Business Owner Dupes Investor Out of $8.1 Million with Claims of Gold and Energy Efficiency Technolo
On a regular basis, the Securities and Exchange Commission (SEC) will publish its claims against alleged violators. The frequency in which the SEC and whistleblowers uncover investment fraud is high and happens with advisors, brokers and money managers that were once trusted professionals. As a result, vigilance and the willingness to blow the whistle should never end for an investor. In this post, we'll go over an investment fraud that proves being skeptical about what you're investing in is wise.
What were the investment opportunities? John Clifford Williams (JCW) founded two entities that he controlled by himself. Those two were Energy Operations Trust (EOT) and American Hydraulic Power, LLC (AHP). JCW set up EOT through Renewable Utility Development, LLC, which was another entity JCW founded and controlled alone. EOT offered investment units that were supposed to return revenue derived from mineral rights for gold and manganese out of Central America back to the investor. AHP offered an opportunity to be a part of the development and commercialization of energy efficiency technology licensed from the U.S. Environmental Protection Agency. JCW also promoted opportunities to invest in the development of an island off the coast of Panama (Bona Island) and to gain access to a large bank account in the Netherlands (Namasta). How much was invested? JCW raised $8,144,850 from Anonymous Investor between 2009 and 2014. Approved investment amounts are as follows:
$2,603,850 invested in EOT
$5,500,000 invested in AHP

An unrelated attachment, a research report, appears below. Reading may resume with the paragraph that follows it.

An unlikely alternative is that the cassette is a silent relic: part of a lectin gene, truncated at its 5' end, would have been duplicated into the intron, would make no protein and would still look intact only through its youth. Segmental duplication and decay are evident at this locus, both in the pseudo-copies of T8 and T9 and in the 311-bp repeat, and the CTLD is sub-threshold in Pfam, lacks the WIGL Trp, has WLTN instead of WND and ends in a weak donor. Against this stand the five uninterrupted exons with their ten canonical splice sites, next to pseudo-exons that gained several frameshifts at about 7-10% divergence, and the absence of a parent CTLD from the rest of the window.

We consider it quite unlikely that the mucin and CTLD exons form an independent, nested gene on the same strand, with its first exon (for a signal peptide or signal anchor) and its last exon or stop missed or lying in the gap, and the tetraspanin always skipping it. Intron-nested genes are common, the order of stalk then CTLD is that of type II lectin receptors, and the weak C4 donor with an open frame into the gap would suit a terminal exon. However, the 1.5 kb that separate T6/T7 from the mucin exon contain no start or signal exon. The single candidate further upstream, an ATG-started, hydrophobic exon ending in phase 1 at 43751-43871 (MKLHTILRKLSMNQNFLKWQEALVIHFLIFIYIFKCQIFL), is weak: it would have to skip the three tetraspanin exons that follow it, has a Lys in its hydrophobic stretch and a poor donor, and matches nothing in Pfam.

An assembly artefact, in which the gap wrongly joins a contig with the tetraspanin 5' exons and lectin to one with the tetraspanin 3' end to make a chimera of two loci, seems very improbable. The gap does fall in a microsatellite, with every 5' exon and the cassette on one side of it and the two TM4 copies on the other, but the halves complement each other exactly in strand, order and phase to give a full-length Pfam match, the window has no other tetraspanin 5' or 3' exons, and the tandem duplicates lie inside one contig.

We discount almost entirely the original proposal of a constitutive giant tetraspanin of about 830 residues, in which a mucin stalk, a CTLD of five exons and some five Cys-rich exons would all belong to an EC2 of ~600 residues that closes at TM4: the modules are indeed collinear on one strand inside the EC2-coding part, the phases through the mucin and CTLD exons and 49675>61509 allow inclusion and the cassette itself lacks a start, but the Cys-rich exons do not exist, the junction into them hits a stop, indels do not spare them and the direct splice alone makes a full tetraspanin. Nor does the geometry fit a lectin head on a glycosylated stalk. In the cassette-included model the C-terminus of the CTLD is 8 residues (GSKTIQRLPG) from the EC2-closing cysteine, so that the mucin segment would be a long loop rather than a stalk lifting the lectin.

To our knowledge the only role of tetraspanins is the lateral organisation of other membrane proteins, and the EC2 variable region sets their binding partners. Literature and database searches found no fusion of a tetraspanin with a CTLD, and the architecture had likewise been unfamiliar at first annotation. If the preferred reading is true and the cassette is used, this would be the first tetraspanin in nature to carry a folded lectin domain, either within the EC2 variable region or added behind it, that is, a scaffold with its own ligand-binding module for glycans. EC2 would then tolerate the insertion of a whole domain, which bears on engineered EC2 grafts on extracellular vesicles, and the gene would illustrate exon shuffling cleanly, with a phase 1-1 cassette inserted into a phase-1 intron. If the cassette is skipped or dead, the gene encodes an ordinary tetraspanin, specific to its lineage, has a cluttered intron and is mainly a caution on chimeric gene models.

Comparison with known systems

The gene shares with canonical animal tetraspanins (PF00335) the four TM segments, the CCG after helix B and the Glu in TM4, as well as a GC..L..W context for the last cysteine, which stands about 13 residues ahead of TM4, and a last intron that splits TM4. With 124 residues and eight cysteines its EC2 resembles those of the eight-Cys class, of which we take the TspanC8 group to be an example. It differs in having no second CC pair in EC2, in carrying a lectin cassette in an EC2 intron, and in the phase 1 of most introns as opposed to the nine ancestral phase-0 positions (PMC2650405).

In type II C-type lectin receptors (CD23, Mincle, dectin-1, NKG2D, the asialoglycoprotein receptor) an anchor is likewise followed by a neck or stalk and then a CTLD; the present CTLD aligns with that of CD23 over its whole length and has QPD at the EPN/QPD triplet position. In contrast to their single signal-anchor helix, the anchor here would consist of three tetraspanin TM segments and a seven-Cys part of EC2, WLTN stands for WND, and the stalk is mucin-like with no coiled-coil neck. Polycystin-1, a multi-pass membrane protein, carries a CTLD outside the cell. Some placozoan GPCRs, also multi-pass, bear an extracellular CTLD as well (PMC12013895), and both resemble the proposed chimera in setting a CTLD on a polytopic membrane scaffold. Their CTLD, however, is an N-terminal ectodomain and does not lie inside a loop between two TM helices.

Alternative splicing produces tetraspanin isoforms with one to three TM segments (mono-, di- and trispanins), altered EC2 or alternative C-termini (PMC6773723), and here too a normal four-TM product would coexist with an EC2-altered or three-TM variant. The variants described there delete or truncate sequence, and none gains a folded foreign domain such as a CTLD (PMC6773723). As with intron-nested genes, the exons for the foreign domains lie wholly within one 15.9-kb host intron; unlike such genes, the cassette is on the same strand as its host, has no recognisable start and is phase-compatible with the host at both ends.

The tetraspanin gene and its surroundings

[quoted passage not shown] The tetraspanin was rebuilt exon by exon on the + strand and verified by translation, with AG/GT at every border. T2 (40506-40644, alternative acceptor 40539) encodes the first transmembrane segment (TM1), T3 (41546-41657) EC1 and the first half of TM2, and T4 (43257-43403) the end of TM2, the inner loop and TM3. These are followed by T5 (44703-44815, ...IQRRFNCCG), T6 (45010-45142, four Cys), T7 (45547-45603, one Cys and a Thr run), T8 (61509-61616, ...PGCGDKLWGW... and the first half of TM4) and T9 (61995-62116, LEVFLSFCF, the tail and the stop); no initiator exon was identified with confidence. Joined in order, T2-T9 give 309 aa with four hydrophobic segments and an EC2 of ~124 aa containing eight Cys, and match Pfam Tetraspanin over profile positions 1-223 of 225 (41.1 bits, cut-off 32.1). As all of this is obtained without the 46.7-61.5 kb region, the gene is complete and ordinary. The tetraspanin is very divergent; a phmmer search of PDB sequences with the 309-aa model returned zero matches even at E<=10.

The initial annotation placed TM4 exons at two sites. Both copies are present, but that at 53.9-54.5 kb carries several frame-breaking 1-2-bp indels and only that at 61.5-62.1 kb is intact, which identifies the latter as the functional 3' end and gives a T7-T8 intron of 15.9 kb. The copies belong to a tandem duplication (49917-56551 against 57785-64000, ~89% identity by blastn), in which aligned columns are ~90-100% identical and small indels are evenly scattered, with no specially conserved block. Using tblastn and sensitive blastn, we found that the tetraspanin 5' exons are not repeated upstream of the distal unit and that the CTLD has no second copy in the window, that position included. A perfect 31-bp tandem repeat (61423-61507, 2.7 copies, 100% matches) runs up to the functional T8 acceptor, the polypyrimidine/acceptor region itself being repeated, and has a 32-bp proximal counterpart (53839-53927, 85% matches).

$36,000 invested in Namasta
$5,000 invested in Bona Island
What went wrong?
The Securities and Exchange Commission (SEC) claims JCW did the following:
Told Anonymous Investor that all of the investment proceeds would go exclusively to the investment ventures, but some proceeds actually went to JCW's personal expenses.
Failed to disclose he was the sole owner of EOT.
Misrepresented the legitimacy of the ventures by hiring more expensive large, reputable professional firms to prepare deal documents and sharing correspondence with such firms.
Told Anonymous Investor there were other investors in the EOT venture when Anonymous Investor was the only one.
Used investment proceeds for travel and salary expenses. Proceeds were not authorized to be used for these expenses.
Failed to disclose actual reasons for failure of EOT.
Failed to pay fees to an engineering firm for AHP as promised, resulting in operations being discontinued.
How much was misappropriated? According to the SEC, JCW misappropriated at least $3,148,308, or roughly 39%, of the investment proceeds provided by Anonymous Investor. How were the funds used? This securities enforcement action accounts for approximately $1,800,000 of investment proceeds in the list below. At the time of this writing, the remaining misappropriated $1.4 million has not been allocated to any specific expenses yet.
$10,000 for JCW's daughter's wedding.
$67,500 to JCW's domestic partner for household expenses.
$32,000 to a JCW-owned bank account shared with his daughters.
$150,000 in cash withdrawn.
$437,500 to pay for credit card bills, restaurant and grocery bills, healthcare expenses, holiday gifts and entertainment expenses.
$340,200 for domestic and international travel not approved by Anonymous Investor.
$389,000 to an unapproved, separate venture involving a California-based water engineering firm.
$100,000 to an unapproved, separate venture that turned out to be a fraudulent scheme.